SOUTH PORTLAND — A contentious proposal to limit the use of synthetic lawn-and-garden pesticides in the city will get more thorough consideration in the weeks ahead.

The City Council postponed a final vote on the proposed partial ban Wednesday night and has scheduled a workshop on June 13. A council vote is tentatively set for June 20.

The council gave the proposed ban unanimous preliminary approval on April 4 after hearing from both supporters and opponents. At the time, councilors called for several amendments to clarify aspects of the draft ordinance, including enforcement and waiver processes.

“I think it’s really prudent that we take our time,” Councilor Patti Smith said Wednesday. “It’s a really complex issue.”

Activists on both sides of the issue say South Portland’s effort could be copied by other communities across Maine and beyond. Portland officials have announced plans to follow South Portland’s lead if it succeeds.

Supporters say the ordinance would be the most far-reaching and environmentally progressive law of its kind in the nation, following a similar measure passed last year in Ogunquit and the Healthy Lawns Act that’s being rolled out in Montgomery County, Maryland.

But opponents say South Portland’s proposal would be largely unenforceable as written and liable to divide neighbors into warring camps of scofflaws and watchdogs. They also say organic pesticides sometimes aren’t as effective and can be toxic if used improperly.

In an April 14 memo to the council, Sustainability Coordinator Julie Rosenbach acknowledged that the ordinance would be “challenging” to enforce, especially on private property.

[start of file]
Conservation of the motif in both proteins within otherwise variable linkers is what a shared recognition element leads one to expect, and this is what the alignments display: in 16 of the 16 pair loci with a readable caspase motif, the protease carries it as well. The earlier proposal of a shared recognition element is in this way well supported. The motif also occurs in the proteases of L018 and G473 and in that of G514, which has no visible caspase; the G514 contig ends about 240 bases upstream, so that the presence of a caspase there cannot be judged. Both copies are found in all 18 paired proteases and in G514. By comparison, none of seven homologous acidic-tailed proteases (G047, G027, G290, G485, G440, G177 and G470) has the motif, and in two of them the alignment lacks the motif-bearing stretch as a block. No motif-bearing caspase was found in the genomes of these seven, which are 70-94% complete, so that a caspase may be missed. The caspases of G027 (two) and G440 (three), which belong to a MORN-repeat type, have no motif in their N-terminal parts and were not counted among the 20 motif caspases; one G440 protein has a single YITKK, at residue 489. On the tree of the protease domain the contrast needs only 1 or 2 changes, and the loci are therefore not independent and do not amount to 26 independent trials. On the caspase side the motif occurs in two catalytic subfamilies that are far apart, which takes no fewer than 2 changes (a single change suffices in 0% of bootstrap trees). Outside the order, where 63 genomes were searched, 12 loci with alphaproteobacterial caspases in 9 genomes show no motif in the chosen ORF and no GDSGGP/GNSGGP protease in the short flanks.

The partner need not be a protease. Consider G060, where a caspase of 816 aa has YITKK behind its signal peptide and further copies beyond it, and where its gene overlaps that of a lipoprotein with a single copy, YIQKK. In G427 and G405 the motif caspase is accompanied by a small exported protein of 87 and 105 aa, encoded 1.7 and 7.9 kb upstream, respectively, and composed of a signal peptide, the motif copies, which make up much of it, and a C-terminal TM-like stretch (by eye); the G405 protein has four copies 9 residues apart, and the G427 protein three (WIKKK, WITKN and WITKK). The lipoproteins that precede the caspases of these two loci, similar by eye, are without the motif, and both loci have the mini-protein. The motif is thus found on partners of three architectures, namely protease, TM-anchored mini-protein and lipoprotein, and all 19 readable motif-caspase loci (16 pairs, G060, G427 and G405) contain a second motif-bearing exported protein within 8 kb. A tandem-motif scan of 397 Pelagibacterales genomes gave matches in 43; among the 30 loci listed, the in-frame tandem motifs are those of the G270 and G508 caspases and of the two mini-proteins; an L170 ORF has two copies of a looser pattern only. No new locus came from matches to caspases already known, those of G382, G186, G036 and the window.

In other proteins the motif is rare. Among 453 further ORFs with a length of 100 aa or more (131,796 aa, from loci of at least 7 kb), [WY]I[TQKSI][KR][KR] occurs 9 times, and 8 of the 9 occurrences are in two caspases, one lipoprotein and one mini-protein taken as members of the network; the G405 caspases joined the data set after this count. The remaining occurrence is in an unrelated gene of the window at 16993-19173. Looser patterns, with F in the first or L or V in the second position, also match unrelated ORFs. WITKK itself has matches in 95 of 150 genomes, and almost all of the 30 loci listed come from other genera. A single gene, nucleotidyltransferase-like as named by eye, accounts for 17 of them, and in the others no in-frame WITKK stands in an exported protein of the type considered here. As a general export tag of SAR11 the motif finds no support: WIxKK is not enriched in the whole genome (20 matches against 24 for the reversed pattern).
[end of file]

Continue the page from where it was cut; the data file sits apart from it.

“Our intention is not to approach implementation in a punitive way, but rather to use education and outreach to promote organic land care practices and help the community with this transition,” Rosenbach wrote. “We recognize there will likely be scofflaws, and therefore have allowed for warnings and fines if persons are caught in violation of the ordinance. This approach is consistent with other pesticide ordinances and if it proves to be problematic can be addressed in the year-three review process.”

To speed up the waiver process, Rosenbach recommended that the chairperson and one other member of the proposed Pest Management Advisory Committee be authorized to rule on waiver requests within five business days. At least one of the authorized members would have to be a licensed pesticide applicator. Denials could be appealed to the city manager, who would have three business days to respond.

Rosenbach also recommended several language changes to align the proposed ordinance with state and federal law, and suggested an amendment that would ban all organic and synthetic pesticide use within 75 feet of water bodies and wetlands.

The proposed ordinance would prohibit the use of synthetic lawn-and-garden pesticides and herbicides on private as well as city-owned property. Retailers could still sell the targeted products, including glyphosate-based Round-Up, neonicotinoids and weed-and-feed applications. And residents could still buy them.

But only pesticides allowed in organic farming or exempted from federal regulation could be used within city limits. The local ban also would exempt commercial agriculture and playing surfaces at golf courses, and it would allow waivers for public health, safety and environmental threats, such as mosquitoes, poison ivy and invasive tree insects.

If approved, the ordinance would apply to city property starting May 1, 2017, and broaden to private property May 1, 2018. It would be reviewed during the third year for possible revision. Following an initial warning, violators would face escalating fines of $200, $500 and $1,000 per offense.

The ordinance would apply to the municipal South Portland Golf Course and the privately owned Sable Oaks Golf Club starting May 1, 2019. Playing surfaces on the private course would be exempt from the ban, while tees and greens on the municipal course would be exempt for three years after adoption.

Twenty-six Maine communities have some sort of pesticide-control ordinance, including Ogunquit, Brunswick, Rockland, Wells, Lebanon and Waterboro.

 


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